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Eleven senators — including Democratic presidential candidates Elizabeth Warren, D-Mass., and Amy Klobuchar, D-Minn. — sent Azar a letter on Thursday in response to comments he made on an Ohio radio show on Jan. 21.
Any new tobacco product requires FDA approval before it can go to market. But the FDA gave the vaping industry until 2022 to get their premarket applications in — an extension that a federal judge later shortened to May 2020.
In the letter, the senators said they are concerned that Azar's comments mean the FDA and HHS intend to inappropriately cut some vaping products a break on a deadline that should apply to the industry broadly. The FDA's own rules on what constitutes a tobacco product apply to a variety of things, including any "electronic nicotine delivery systems" and their accompanying parts, the senators said.
"It is incredibly alarming that while youth e-cigarette use is skyrocketing, the Trump administration continues to focus on ideas that would delay and diminish long-overdue steps to hold tobacco companies accountable," the senators said.
On the radio show in January, Azar responded to host Scott Sands' questions about vaping regulation by saying that the May 12 deadline for premarket tobacco approval applications only applies to e-cigarettes, not all vaping products.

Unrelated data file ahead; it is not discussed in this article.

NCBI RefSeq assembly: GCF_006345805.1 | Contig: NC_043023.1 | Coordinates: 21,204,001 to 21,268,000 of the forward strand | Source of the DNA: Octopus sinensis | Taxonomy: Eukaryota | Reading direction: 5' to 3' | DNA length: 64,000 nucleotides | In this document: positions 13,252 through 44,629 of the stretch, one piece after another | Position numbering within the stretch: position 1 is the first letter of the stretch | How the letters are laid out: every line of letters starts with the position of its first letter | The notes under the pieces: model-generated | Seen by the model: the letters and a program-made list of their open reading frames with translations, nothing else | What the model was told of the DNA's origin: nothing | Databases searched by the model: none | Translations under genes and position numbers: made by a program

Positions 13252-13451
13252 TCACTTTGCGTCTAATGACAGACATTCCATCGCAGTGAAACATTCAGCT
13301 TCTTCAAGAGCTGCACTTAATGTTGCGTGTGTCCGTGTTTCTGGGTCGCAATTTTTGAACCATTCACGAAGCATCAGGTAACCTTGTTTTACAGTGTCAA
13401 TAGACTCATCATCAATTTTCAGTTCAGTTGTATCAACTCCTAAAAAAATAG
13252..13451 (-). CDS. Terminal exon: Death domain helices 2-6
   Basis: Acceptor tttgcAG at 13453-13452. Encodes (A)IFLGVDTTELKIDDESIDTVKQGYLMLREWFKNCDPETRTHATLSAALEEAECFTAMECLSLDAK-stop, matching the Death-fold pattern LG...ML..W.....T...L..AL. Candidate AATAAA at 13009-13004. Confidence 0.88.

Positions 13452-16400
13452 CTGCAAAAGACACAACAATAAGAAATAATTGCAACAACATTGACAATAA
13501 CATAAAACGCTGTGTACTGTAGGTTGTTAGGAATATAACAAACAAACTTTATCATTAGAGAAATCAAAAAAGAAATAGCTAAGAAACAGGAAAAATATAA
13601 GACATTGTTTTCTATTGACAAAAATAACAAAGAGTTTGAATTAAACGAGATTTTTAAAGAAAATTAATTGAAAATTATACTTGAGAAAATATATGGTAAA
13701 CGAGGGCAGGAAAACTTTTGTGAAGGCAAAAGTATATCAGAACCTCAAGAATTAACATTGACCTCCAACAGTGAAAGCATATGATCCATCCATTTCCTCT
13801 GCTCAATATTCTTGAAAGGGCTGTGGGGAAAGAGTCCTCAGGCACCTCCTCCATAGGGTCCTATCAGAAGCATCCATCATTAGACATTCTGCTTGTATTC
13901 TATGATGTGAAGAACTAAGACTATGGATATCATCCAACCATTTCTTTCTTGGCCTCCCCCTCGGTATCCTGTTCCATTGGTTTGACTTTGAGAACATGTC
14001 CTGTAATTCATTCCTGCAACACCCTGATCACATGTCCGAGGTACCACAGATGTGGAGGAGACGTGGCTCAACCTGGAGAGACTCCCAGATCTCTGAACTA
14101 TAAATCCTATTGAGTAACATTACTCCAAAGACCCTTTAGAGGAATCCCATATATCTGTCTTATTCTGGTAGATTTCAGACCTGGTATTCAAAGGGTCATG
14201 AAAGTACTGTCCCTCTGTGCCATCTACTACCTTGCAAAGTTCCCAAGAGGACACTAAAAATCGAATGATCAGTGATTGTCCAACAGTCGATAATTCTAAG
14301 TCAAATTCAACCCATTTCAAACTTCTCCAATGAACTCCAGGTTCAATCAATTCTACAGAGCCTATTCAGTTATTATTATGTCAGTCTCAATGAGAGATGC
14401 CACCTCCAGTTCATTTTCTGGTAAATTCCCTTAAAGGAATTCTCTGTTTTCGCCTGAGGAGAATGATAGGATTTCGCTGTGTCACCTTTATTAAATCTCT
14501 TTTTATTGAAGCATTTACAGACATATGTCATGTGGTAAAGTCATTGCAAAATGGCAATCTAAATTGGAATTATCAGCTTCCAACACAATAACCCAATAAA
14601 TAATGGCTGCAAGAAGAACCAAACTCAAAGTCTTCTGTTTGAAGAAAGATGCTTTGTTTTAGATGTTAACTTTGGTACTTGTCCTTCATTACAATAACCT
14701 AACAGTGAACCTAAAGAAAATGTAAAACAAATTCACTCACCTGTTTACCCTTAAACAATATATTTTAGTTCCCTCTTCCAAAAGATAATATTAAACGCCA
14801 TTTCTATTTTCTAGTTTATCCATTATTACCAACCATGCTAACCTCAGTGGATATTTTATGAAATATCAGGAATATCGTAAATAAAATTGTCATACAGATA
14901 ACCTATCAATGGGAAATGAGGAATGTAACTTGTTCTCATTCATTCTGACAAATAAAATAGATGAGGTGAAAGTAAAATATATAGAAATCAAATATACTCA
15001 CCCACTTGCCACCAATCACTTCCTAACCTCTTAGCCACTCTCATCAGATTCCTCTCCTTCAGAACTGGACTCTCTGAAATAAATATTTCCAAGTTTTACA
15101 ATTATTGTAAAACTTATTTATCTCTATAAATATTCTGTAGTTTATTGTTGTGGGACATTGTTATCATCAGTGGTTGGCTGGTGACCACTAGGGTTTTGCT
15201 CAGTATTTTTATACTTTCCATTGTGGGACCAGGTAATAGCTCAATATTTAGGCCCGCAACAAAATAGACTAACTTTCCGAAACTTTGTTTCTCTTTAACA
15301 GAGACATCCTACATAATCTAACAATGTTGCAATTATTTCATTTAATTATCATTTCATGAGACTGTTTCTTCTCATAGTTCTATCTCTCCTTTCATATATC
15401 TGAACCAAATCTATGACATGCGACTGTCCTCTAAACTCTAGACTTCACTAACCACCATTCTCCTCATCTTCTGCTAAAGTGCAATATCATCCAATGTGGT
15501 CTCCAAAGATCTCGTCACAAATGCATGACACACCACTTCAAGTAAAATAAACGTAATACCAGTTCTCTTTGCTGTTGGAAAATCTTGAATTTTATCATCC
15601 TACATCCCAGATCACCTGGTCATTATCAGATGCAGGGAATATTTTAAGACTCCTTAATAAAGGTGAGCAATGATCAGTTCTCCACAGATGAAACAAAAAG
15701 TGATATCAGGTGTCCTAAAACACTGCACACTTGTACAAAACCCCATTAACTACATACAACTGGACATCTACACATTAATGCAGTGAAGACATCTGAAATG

Azar also said the Trump administration is working with businesses and vaping advocates to create "pathways that would streamline approval for the open-tank, small vape shop-based products."
Open-tank vaping systems allow the user to mix their own flavors, which is typically done in a vape shop.
"Really what we're focused on are the cartridges in the systems with kid-attractive flavors," Azar said.
The senators' letter tells Azar that the regulations apply to all "new tobacco products," which would include the open-tank products. It asks Azar to clarify what he meant by March 5, and confirm that regulators will be reviewing applications from open-tank vaping products.
HHS representatives did not respond to a request for comment on Thursday.
The deadline has been the subject of extensive litigation across multiple states, but as of now, it remains in place.
In 2018, the American Academy of Pediatrics and several other public health groups sued the FDA and HHS, saying the agencies had violated the Administrative Procedure Act when they gave the vaping industry an extension on the applications.
U.S. District Judge Paul Grimm agreed and vacated the FDA's extension, saying the agencies had overstepped their authority. The health groups urged him to set a 120-day deadline, while the FDA suggested a 10-month deadline, according to court records.
In July, Judge Grimm chose the 10-month timeline, setting a deadline for May 2020.
That ruling has been appealed to the Fourth Circuit, where it is still pending, court records show. But the FDA has said it will adhere to the May deadline regardless of how the case ends up.
The vaping industry has argued that the deadline is unreasonable and could force many businesses to close.
In addition to the appeal, the industry has also fought back in separate litigation. The Vapor Technology Association, a vaping trade group, sued the FDA to stop the deadline in Kentucky federal court last year.
But in January, the Kentucky judge said the group had no standing to sue the FDA, because the deadline was set by the Maryland court.
--Additional reporting by Sam Reisman, Emily Field and Hailey Konnath. Editing by Nicole Bleier.
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